Here are the influential voices leading the conversations where nonprofits and technology overlap.
All businesses, large or small, eventually encounter some sort of litigation, investigation or a business dispute. Many times records and data need to be examined to answer the questions of what happened, when, where and why. Enter computer forensics, which is the use of specialized and analytical techniques to identify, acquire, preserve and examine electronically stored information.
Businesses use computer forensics techniques during an investigation to ensure the integrity of the original media. Any changes to file date-time stamps, last computer log-in and log-out times, or worse yet, actual file data are avoided when sound forensic techniques are employed. An audit trail is also established, so if needed for legal purposes, procedures and results can be verified and validated.
For high-profile cases such as criminal investigations or civil litigation, computer forensics can play a key role in determining what kind of data resided where and what happened to that data. Often, this can be pivotal in a case. Take, for example, a recovered deleted file documenting a fraud. This is the smoking gun. But computer forensics can also play an important role in solving problems that a business might face on a more regular basis.
Often investigations are not large in scale. A business might want to see if an employee has been browsing inappropriate sites or had unauthorized files on their computer. Such instances might include small violations of a company policy, or they might be fraudulent actions that could cost the company millions of dollars in damages. Business-use cases can vary, but forensics techniques generally remain the same.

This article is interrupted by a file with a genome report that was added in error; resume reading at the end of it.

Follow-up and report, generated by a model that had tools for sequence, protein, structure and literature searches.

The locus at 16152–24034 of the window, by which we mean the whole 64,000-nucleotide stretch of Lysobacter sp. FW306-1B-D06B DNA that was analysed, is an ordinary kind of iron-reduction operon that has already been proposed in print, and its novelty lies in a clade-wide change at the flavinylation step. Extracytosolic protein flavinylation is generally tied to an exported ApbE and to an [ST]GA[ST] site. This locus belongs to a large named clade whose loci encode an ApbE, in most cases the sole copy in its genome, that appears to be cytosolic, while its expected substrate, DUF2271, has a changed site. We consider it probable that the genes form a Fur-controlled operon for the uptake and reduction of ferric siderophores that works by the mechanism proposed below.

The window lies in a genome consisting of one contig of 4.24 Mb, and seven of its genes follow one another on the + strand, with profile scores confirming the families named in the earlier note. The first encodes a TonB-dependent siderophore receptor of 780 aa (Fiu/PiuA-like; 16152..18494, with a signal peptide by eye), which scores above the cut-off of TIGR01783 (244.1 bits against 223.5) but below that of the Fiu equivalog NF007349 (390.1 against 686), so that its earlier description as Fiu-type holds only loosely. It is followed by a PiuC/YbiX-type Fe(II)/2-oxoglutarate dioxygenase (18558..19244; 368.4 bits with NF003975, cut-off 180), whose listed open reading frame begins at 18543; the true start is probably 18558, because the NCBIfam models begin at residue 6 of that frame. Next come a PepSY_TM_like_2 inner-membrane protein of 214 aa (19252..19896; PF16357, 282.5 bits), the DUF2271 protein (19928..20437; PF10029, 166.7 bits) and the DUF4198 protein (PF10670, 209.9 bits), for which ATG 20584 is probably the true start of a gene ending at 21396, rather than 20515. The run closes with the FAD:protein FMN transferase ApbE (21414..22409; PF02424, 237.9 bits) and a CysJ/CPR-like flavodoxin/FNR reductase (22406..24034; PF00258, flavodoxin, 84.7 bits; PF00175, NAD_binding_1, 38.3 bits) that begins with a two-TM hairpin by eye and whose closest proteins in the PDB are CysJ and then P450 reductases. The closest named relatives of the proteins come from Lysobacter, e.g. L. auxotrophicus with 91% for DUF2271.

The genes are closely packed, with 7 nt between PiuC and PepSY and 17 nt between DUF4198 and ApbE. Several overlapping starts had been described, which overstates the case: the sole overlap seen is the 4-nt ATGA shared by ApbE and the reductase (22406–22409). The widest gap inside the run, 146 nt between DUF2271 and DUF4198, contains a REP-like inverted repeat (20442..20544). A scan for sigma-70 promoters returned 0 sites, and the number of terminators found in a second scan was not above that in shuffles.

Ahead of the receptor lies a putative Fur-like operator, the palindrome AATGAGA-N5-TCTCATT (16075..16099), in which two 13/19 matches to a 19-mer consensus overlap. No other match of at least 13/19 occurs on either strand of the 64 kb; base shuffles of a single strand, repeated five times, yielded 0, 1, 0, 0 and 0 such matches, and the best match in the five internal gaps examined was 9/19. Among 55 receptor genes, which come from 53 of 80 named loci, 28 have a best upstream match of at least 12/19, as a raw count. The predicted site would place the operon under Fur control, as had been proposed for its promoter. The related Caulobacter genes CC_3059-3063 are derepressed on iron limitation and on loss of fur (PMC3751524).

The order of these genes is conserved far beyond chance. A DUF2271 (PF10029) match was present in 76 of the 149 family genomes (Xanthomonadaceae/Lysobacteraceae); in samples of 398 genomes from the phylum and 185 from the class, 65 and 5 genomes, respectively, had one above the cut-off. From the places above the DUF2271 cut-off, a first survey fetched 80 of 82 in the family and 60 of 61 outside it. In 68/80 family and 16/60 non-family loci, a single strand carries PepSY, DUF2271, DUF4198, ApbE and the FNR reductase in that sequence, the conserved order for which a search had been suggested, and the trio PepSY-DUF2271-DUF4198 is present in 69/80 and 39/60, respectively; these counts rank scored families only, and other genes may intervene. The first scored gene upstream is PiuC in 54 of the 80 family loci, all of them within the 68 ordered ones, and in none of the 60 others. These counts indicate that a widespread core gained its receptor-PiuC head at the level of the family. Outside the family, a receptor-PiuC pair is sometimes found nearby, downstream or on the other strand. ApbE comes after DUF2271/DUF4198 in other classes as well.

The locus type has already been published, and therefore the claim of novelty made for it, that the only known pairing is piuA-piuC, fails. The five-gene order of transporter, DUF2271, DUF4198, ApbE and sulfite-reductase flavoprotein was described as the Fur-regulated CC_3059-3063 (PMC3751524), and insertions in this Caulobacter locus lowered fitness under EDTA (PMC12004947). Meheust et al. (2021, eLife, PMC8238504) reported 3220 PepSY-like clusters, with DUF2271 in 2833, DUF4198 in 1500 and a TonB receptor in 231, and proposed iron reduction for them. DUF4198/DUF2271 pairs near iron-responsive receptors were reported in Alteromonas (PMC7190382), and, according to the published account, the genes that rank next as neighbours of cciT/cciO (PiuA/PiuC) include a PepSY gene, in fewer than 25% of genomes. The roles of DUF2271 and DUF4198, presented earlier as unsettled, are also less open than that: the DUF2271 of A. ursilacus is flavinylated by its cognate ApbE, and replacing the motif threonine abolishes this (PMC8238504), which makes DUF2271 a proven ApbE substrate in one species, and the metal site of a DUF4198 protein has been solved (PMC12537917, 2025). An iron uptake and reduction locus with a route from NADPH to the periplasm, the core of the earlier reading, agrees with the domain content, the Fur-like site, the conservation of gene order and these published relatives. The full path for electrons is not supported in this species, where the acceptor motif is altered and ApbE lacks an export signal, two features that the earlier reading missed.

The following is a list of possible ways computer forensics can be used to help businesses solve a dispute or an investigation:
Employees might visit websites that are prohibited by company policy. Many people think that clearing their web history and web cache is enough to cover their trail, but there are artifacts left behind that might shed light on web browsing activity. The index.dat file is a system file that keeps track of every site that a user has visited through Internet Explorer.
This file cannot be easily deleted by manual methods, and even if deleted, forensic tools can be used to recover the entries in this file. By parsing this file and using data analysis methods, it’s possible to mine the entries to get an idea of what sites were visited, how often sites were visited and during what time frame these sites were visited.
Forensic tools and techniques can also be used for keyword searches of allocated, unallocated and slack space on a hard drive. A lot of interesting things can be found in unallocated and slack space as well as inside system files, such as the pagefile.sys file. These are clusters on the hard drive that were at some point used by a file or held information from temporal processes.